Gold was first discovered in Thames on 10 August 1867, by prospector William Hunt. This momentous event heralded years of affluence for the town, with gold production topping £1 million at its peak. Towards the end of the century, Thames had become New Zealand’s largest population centre, with 18,000 inhabitants and more than 100 hotels and three theatres – in contrast to today, with its population of around 7,000 and only four hotels.

Single Stamp

Single $1.35 'c1900s, Tuapeka, Otago' gummed stamp.

The Otago gold rush attracted thousands of prospectors to the province, including many Chinese miners – invited especially by the Dunedin Chamber of Commerce in an initiative that aimed to redress a recent exodus of valued labour to the newly discovered West Coast goldfields. The first Chinese immigrants arrived in 1866 from Australia, and by 1869 more than 2,000 had come to the land they would call the ‘New Gold Mountain’.

Single Stamp

Single $1.50 'c1901, Roxburgh' gummed stamp. 

Getting hard-won gold from its source to the world beyond the mine was an important matter for the miners, with security an overriding concern. Entrepreneurs like Australian Charles Cole soon recognised and seized this niche business opportunity, bringing horses and coaches into valuable service. This 1901 photograph captured the last Otago gold escort, complete with driver and his escorts: policemen and Bank of New Zealand staff.

Single Stamp

Single $2.00 'c1900s, Gold Rush' gummed stamp.

Otago’s principal port, Dunedin, flourished under the influence of the gold rush. It rapidly became New Zealand’s commercial and industrial hub and a bustling hive of building activity. Manufacturing operations – notably engineering works and breweries – thrived and the population swelled, increasing from just 2,400 in 1854 to around 16,000 in 1864. Many of today’s best-known New Zealand businesses had their origins in Dunedin glorious heyday.

Miniature Sheet Mint, used or cancelled miniature sheet. $6.20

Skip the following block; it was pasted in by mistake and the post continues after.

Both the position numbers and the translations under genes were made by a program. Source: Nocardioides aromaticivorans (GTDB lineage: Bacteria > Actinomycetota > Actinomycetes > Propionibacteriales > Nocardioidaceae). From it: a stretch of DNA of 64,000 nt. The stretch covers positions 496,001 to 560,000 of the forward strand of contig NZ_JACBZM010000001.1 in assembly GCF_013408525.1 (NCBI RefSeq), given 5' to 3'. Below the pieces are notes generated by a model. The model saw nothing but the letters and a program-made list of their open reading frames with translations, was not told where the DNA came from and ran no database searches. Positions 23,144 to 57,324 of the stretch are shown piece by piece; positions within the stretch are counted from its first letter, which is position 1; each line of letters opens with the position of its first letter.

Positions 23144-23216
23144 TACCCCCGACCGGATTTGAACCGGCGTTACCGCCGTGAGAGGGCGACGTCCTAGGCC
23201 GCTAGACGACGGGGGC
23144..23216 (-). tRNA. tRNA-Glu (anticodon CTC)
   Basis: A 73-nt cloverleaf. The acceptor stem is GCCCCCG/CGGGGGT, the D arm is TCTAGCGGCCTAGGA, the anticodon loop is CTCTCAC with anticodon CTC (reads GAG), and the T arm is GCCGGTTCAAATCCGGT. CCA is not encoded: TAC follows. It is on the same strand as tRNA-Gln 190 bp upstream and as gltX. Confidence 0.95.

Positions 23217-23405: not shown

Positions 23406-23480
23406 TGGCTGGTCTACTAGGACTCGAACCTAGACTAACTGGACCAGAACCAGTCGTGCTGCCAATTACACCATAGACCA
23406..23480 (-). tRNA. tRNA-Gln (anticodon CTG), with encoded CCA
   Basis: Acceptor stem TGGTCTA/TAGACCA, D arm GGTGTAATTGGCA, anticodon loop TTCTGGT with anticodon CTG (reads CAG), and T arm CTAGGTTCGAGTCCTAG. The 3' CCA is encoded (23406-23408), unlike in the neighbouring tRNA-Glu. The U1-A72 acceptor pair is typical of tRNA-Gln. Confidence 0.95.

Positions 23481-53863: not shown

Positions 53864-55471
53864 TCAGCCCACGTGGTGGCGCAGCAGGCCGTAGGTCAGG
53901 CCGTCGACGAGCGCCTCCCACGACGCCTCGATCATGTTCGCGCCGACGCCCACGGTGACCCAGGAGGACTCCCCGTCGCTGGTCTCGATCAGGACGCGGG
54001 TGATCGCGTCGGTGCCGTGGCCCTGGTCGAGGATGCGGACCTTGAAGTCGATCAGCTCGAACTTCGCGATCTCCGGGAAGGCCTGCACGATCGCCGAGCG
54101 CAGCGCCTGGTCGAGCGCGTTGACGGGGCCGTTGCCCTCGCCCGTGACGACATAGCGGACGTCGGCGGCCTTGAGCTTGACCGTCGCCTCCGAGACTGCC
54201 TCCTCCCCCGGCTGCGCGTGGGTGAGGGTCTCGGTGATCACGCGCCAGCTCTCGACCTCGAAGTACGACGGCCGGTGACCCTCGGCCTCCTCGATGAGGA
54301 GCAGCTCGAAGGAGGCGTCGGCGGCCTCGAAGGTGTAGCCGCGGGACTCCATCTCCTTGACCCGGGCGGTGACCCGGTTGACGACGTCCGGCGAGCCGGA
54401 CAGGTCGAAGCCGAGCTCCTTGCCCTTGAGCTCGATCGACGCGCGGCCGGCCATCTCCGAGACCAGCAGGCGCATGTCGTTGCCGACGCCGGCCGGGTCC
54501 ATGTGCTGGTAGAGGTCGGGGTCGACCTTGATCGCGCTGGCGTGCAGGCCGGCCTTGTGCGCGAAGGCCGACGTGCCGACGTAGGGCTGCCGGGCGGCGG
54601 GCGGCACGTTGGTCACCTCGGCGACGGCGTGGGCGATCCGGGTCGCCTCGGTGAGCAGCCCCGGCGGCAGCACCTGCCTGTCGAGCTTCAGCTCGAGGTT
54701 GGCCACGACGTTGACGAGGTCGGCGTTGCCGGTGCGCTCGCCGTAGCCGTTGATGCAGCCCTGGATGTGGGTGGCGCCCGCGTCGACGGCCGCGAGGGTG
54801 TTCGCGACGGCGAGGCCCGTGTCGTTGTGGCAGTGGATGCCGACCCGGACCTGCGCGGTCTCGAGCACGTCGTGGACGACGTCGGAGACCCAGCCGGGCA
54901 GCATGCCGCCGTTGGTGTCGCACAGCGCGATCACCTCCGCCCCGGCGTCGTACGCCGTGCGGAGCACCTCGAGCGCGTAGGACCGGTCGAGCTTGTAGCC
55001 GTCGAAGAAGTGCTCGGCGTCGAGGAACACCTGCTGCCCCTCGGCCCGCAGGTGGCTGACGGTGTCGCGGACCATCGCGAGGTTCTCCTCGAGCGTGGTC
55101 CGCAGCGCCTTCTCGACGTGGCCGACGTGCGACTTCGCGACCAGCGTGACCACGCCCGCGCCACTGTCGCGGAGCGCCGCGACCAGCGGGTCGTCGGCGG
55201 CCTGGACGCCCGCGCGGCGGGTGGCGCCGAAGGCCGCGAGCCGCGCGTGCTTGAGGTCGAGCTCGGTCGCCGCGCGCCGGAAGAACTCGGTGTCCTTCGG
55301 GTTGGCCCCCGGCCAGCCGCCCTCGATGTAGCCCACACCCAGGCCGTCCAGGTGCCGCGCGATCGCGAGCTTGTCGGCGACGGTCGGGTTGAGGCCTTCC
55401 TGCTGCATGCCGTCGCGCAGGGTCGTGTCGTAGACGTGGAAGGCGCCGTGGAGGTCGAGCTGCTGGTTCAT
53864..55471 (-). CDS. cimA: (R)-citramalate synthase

First Day Cover First day cover with stamps affixed. Cancelled on the first day of issue. $6.70
Miniature Sheet First Day Cover First day cover with miniature sheet affixed. Cancelled on the first day of issue. $6.70
Presentation Pack Presentation pack containing a selection of stamp products from the issue and further information on the theme of the stamps (discounted price of $23.95, face value of $25.80). $23.95
Limited Edition Limited edition collectable containing exclusive stamp products not available anywhere else. $135.00

Technical information

Date of issue: 6 September 2006
Number of stamps: Five gummed stamps
Denominations and designs: 45c, 90c, $1.35, $1.50, $2.00
Stamps and first day cover designed by: Cato Partners
Miniature sheet designed by: Cato Partners
Printer and process: Southern Colour Print, New Zealand by offset lithography
Number of colours: Four process colours plus thermochromic ink and gold foiling
Stamp size and format: 45c: 30mm x 40mm (vertical); 90c, $1.35, $1.50, $2.00: 30mm x 40mm (horizontal)
Paper type: Tullis Russell 104 gsm red phosphor stamp paper
Number of stamps per sheet: 25
Perforation gauge: 14 x 14
Special blocks: Plate/imprint blocks could be obtained by purchasing at least six stamps from a sheet. Barcode blocks were available in both A and B formats.
Period of sale: These stamps remained on sale until 5 September 2007.